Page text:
Many young inmates struggle to find work and get ahead once they are released from prison. Without a source of income, many ex-prisoners have trouble finding housing. The stress of unemployment also puts people at higher risk of alcohol and drug abuse, particularly for those who already have a history of drug problems. M’Lop Tapang is committed to helping young offenders when they are released for prison and provide them with opportunities for moving ahead with their lives in a positive way.
When he was 15 years old, Ravuth’s* parents divorced and he moved with his mother and four siblings from the countryside to Sihanoukville. After the move he continued to go to school for a couple of years but dropped out in Grade 7 as his mother could no longer afford to send him to study.
When he was old enough, Ravuth started to work in one of the local textile factories. In his 20s he started to also sell drugs to make more money. In 2015 he was arrested and sent to prison for one year. That is where the M’Lop Tapang team first met him.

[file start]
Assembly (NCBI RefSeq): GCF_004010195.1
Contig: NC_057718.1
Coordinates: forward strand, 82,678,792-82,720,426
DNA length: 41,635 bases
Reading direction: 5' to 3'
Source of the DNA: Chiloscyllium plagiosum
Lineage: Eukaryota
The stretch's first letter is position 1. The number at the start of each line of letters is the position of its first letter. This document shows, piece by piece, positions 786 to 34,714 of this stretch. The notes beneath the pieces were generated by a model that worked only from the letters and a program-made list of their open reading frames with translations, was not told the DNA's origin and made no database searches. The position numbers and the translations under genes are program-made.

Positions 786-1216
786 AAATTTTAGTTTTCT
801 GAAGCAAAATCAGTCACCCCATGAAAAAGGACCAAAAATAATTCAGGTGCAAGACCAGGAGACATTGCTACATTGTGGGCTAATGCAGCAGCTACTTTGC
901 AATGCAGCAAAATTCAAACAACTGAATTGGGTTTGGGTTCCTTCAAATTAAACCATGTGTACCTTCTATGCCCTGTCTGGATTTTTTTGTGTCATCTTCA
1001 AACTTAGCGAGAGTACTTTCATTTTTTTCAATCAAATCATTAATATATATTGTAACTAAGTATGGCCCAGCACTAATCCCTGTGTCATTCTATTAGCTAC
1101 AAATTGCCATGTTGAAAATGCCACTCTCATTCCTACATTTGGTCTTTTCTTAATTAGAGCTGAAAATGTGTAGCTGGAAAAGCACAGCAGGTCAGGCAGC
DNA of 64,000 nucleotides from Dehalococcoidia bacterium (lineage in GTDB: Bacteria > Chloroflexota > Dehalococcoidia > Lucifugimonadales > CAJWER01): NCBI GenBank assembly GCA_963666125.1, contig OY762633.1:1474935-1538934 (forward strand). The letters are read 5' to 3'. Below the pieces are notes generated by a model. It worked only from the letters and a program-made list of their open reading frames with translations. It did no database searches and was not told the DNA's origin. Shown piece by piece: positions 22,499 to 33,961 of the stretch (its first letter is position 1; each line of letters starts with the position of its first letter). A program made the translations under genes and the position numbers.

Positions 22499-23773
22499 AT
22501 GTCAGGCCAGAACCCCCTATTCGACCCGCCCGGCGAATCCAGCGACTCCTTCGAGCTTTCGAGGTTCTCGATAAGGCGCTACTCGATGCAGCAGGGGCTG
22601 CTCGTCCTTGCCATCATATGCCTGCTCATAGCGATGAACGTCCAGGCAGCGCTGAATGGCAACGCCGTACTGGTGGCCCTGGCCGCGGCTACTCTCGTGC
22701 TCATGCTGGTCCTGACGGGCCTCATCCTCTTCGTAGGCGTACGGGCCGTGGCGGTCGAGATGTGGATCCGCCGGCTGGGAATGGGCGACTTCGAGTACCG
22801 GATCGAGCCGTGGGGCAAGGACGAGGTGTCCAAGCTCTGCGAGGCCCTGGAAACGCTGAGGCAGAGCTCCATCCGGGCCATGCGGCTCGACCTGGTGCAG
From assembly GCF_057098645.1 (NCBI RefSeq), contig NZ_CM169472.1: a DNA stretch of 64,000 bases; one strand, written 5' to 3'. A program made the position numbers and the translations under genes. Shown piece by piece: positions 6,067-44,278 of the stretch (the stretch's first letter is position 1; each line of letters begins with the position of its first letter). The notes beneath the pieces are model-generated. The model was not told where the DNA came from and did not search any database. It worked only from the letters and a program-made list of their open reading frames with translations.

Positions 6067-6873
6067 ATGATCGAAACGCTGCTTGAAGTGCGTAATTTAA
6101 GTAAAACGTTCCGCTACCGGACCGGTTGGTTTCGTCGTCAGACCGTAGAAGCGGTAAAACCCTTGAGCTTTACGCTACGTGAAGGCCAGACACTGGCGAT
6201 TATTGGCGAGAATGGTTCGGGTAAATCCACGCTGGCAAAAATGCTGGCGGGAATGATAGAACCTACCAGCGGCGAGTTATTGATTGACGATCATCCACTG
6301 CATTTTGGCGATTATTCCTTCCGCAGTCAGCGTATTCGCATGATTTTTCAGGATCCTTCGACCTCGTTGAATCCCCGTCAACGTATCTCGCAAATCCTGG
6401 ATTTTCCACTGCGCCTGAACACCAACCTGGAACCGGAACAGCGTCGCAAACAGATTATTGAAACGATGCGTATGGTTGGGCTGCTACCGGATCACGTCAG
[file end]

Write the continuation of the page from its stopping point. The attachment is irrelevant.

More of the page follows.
M’Lop Tapang’s Drug and Harm Reduction Team has been visiting young inmates in the local prisons since 2010, providing support, encouragement, and training as part of a relapse prevention program. When he was released from prison earlier this year, Ravuth met with our “Futures” team who assessed and worked with him to find suitable employment. In February, with the help of the Futures team, Ravuth began working for a local company sell beauty and hygiene products. He is starting with a salary of $100/month but also includes three meals/day and a place to stay.
Our teams will be following up with Ravuth and his employer regularly but are very proud of this young man and his determination to start fresh and work towards building a better future for himself.
Learn more about the Futures program and how it is helping young people and parents connect to employment opportunities: http://mloptapang.org/projects/futures-office/
*name and photo changed for confidentiality